Summer Intern Update: Stowers Institute Summer Scholar

Emily Nissen

Applied Mathematics and Biology, College of Business, Policy, and Analytics and College of Arts and Sciences

Stowers Institute for Medical Research - Summer Scholar

My name is Emily Nissen and I am going into my senior year at Rockhurst University. I am majoring in Applied Mathematics and Biology. With these degrees, I have wanted to do research with more of a focus on the mathematics and computing aspect. So, after Rockhurst I want to go to graduate school for bioinformatics. To get research experience in this field, I knew there was no better place to look in Kansas City than the Stowers Institute for Medical Research.

Being in the Summer Scholars program at the Stowers Institute is a surreal experience. The Stowers Institute, founded by Jim Stowers (also founder of American Century Investments), is a research organization with a mission to uncover the processes of the biological functions of life to be able to improve treatments and preventions for diseases. As such, the Stowers Institute has state of the art equipment, brilliant researchers from all over the world, and a support staff and core facilities all focused on making sure science continues. Every day I walk into work I know that I am apart of something important, something that is trying to make the world better.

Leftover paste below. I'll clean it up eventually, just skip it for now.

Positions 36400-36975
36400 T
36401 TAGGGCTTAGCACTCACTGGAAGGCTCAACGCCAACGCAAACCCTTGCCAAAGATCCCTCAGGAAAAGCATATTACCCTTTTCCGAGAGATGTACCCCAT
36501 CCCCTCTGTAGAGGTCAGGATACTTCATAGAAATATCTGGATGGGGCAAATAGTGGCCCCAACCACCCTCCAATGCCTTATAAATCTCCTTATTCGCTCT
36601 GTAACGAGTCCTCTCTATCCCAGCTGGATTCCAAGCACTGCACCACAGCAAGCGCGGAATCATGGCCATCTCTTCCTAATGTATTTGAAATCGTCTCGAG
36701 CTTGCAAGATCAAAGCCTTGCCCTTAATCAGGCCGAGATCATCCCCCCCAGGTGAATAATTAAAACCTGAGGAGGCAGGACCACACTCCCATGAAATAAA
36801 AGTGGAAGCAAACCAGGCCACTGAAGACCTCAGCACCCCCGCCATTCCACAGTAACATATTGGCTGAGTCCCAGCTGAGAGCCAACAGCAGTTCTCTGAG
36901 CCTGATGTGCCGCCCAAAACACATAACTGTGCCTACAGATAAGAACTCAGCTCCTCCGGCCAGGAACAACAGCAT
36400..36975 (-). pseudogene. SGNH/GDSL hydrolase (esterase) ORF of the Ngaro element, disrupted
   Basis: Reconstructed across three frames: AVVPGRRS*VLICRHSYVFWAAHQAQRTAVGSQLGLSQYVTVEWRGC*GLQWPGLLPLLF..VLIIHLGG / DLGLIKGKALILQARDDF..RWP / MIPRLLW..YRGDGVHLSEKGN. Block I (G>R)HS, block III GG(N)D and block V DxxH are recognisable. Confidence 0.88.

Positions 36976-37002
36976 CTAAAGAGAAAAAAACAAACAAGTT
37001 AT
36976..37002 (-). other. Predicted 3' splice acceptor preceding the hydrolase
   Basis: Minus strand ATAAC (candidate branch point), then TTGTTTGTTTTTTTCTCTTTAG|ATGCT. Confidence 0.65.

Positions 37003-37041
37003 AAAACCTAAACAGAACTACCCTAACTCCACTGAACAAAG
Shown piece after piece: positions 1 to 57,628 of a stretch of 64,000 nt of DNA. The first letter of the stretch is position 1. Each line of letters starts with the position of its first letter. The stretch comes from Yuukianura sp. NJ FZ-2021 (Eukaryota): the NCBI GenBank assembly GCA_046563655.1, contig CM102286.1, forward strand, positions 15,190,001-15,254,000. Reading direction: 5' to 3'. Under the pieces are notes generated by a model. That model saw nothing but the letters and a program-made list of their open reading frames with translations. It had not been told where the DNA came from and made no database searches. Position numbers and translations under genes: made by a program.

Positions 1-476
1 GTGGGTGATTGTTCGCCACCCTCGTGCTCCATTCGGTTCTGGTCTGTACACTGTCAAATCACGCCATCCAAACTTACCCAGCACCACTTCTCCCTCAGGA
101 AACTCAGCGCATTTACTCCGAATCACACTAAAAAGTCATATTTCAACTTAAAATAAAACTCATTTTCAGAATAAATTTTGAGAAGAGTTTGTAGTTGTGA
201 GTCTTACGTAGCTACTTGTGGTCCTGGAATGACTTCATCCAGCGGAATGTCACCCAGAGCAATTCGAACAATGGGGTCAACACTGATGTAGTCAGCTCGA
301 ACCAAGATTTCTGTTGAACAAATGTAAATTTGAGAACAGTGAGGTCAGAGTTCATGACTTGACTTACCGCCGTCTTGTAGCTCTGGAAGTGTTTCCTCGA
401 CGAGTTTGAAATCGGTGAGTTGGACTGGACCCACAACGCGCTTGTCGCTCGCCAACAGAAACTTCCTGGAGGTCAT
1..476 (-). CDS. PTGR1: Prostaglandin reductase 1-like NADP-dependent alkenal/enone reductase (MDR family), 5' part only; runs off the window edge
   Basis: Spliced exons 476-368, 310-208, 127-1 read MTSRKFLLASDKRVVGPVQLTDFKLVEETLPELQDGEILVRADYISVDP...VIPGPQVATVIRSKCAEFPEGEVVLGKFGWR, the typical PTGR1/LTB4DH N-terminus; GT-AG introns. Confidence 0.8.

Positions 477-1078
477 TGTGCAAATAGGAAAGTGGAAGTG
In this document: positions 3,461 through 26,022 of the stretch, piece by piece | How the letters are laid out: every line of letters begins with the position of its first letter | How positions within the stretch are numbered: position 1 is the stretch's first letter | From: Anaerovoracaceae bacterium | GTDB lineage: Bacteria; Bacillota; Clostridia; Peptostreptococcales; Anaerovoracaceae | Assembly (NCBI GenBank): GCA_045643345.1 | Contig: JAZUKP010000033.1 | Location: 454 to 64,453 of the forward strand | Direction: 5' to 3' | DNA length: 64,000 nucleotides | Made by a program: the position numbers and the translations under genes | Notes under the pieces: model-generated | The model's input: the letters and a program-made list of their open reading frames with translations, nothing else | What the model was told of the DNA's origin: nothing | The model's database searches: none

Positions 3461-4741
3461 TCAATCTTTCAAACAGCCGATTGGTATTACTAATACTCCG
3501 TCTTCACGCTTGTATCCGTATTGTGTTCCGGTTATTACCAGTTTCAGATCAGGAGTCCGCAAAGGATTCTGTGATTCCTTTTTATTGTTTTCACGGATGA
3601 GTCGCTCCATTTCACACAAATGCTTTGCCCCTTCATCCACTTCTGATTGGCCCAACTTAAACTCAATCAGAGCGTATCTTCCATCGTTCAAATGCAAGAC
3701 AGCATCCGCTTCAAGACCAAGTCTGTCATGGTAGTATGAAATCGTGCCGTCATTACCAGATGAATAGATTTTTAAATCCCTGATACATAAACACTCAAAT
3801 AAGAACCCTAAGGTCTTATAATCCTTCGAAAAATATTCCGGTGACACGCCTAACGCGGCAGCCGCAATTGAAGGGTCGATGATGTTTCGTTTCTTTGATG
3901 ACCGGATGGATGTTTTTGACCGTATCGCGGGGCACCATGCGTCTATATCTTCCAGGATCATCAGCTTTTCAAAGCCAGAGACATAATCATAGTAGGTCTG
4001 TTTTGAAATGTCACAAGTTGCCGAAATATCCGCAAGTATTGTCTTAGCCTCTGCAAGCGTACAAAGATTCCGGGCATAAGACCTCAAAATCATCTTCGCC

My internship consists of me having a bioinformatical independent research project. Since it is a research institute the Stowers is open 24/7 and I can make my own schedule. I tend to stick to business hours, so I come in at 8 and leave around 5. In the morning I get a cup of coffee and then head to the lab where I do the New York Times’ Crossword with a couple of my coworkers. It is a great way to get my brain going in the morning and prepare for my day ahead. After the crossword I log on to my computer, which I will be in front of the rest of the day since my project is all about data analysis. I spend the rest of my day, thinking about ways to make a biological problem understandable in figures and then writing the code to make that happen. Although it may sound boring to some, I love what I am doing, and it is exciting to be a part of this cutting-edge research.